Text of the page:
hum orous context which disarms both the protagonist and the viewer into trusting Sam as the Anglo, college-educated outsider. In Sam's comic attem pt to elude security guards (with M aya's help), he throws wax on the floor, employs exaggerated m ovem ents to run and hide (even in garbage bins), all w ithout losing hold of his list of cleaners. Joseph Boskin and Joseph Dorinson have argued that ethnic hum or in the United States originated as "a function of social class feelings of superiority and white racial antagonisms;" but in time, it was "ironically adapted by the victims of stereotyping themselves as a means of revenge against their more powerful d e t r a c t o r s . I n this scene, we see ethnic hum or m anipulated into class-based humor, facilitating trust in the Anglo protagonist. Sam is being chased by, and
Joseph Boskin and Joseph Dorinson, "Ethnic Humor: Subversion and Survival" in Am erican
Q uarterly 37, No. 1 (Spring 1985), 81-97.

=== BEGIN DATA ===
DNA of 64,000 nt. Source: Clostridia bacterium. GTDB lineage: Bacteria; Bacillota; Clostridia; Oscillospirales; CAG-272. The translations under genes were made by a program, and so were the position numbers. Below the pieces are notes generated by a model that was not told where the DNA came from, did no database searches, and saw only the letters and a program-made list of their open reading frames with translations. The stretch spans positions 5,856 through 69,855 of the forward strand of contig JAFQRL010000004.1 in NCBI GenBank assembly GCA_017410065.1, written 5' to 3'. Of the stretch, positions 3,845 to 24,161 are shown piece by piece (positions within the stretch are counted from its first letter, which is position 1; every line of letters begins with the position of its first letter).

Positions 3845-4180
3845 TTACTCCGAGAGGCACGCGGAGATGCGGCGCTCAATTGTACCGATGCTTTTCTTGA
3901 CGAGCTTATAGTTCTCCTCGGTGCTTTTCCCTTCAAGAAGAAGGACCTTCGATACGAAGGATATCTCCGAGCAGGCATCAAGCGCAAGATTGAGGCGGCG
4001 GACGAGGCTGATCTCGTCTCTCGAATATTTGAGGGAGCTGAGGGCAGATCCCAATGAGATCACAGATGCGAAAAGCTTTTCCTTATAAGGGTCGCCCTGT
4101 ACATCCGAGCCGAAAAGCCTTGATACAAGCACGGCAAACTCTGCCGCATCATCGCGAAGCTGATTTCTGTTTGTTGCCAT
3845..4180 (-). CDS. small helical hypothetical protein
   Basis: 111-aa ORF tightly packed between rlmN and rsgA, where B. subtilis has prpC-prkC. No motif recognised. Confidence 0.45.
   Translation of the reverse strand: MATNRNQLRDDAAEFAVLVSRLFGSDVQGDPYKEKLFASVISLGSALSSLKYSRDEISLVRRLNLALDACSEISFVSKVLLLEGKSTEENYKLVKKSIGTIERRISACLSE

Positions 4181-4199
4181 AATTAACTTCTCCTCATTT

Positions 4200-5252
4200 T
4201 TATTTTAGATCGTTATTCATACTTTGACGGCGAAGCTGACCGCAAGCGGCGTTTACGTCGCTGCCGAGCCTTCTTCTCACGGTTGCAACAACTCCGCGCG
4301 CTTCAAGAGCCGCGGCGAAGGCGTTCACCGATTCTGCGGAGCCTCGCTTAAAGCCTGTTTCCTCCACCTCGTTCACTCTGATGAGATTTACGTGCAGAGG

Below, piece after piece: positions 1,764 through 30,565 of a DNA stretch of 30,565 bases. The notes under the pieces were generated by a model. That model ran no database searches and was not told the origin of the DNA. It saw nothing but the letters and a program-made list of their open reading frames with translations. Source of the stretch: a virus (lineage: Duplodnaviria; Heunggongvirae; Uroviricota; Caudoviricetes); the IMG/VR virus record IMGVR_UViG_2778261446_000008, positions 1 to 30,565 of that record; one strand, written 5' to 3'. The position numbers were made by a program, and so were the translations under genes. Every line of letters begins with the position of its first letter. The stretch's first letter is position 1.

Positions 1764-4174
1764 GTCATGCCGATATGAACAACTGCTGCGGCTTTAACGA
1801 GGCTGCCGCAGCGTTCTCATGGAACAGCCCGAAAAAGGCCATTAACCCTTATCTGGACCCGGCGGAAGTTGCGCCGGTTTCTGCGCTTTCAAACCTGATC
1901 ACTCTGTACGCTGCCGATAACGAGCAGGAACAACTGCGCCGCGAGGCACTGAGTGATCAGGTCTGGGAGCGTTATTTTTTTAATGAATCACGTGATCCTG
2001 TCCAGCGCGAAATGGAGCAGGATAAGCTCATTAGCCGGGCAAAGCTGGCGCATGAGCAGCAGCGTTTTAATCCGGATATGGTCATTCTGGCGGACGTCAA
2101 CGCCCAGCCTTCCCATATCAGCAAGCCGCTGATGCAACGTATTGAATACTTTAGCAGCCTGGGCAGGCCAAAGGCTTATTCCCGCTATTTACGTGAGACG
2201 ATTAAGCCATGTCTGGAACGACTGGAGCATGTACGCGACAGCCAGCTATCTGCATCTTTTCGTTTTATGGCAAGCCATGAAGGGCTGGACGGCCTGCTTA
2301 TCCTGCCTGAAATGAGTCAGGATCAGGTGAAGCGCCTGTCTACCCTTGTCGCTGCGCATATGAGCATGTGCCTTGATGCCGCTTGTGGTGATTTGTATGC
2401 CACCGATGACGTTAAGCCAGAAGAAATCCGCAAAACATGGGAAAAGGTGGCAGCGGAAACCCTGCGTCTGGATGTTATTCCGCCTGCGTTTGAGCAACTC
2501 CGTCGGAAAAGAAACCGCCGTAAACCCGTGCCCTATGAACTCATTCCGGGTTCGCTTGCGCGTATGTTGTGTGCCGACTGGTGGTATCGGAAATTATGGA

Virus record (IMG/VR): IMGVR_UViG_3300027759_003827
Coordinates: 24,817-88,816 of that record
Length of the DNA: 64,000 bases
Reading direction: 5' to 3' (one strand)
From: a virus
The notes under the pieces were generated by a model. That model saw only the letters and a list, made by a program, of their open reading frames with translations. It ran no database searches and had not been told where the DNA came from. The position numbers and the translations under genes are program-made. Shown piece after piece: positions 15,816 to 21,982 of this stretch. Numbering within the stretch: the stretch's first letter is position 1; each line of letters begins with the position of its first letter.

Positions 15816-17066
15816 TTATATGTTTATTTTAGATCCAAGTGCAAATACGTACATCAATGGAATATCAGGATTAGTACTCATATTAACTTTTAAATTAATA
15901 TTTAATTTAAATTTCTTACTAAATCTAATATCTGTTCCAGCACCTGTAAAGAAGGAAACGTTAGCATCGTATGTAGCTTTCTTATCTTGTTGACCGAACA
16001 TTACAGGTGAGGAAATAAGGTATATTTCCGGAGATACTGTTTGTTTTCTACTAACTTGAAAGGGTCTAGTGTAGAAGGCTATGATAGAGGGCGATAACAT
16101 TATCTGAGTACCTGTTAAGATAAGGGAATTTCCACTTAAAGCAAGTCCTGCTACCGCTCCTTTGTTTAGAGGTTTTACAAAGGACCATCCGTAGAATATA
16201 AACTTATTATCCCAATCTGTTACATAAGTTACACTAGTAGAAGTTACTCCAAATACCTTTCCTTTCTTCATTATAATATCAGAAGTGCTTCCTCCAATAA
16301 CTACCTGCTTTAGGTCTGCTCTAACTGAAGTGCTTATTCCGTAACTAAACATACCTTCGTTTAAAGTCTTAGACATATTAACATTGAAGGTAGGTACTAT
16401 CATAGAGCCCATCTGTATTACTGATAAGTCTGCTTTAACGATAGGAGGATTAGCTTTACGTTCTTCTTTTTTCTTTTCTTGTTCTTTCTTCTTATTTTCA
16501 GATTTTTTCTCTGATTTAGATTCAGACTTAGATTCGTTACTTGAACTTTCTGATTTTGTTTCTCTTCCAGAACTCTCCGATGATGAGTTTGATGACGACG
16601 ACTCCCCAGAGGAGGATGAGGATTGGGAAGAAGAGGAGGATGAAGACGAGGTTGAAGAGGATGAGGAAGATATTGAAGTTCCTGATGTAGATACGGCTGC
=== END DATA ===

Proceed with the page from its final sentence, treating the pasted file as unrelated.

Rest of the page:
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Maya's helping him puts her in jeopardy at the hands of, not only an Anglo adm inistrator for Angel Cleaning but also a Latino supervisor (George Lopez) and an African-American security guard. The "enemy," well established by the end of this scene, is not the abstraction of the cleaning company, but the actualized and corrupt administrators of the company who exploit the employees in a pattern of low wages, no medical benefits and no job security. This allows us to incorporate a college-educated, American-born white male into the context of this largely imm igrant and working-class struggle. Though he's considered a troublemaker to the corporate elite, Sam's socioeconomic position allows him the privilege of risk. His legitimacy is called into question in late scene, especially w hen Sam attem pts to recruit Maya and Rosa into the m ovem ent while visiting their home. Rosa becomes upset when Sam encourages them to risk their jobs by unionizing: Rosa: "We m ight be at the bottom of the shit hole, but we are doing our best." Sam: ".. .where w e're gonna stay, if we let them get away w ith it." Rosa: "We, we? W hen was the last time that you got a cleaning job? You and your union, your fat union white boys, college kids, w hat the hell do you know? D on't ever say 'w e.'" This scene asks us to consider broader issues about inter-ethnic movements: the disparity of risks among organizers and laborers, the place of ethnic and racial histories within an anti-racist movement, and the racial and socio-economic legitimacy of the organizing unit.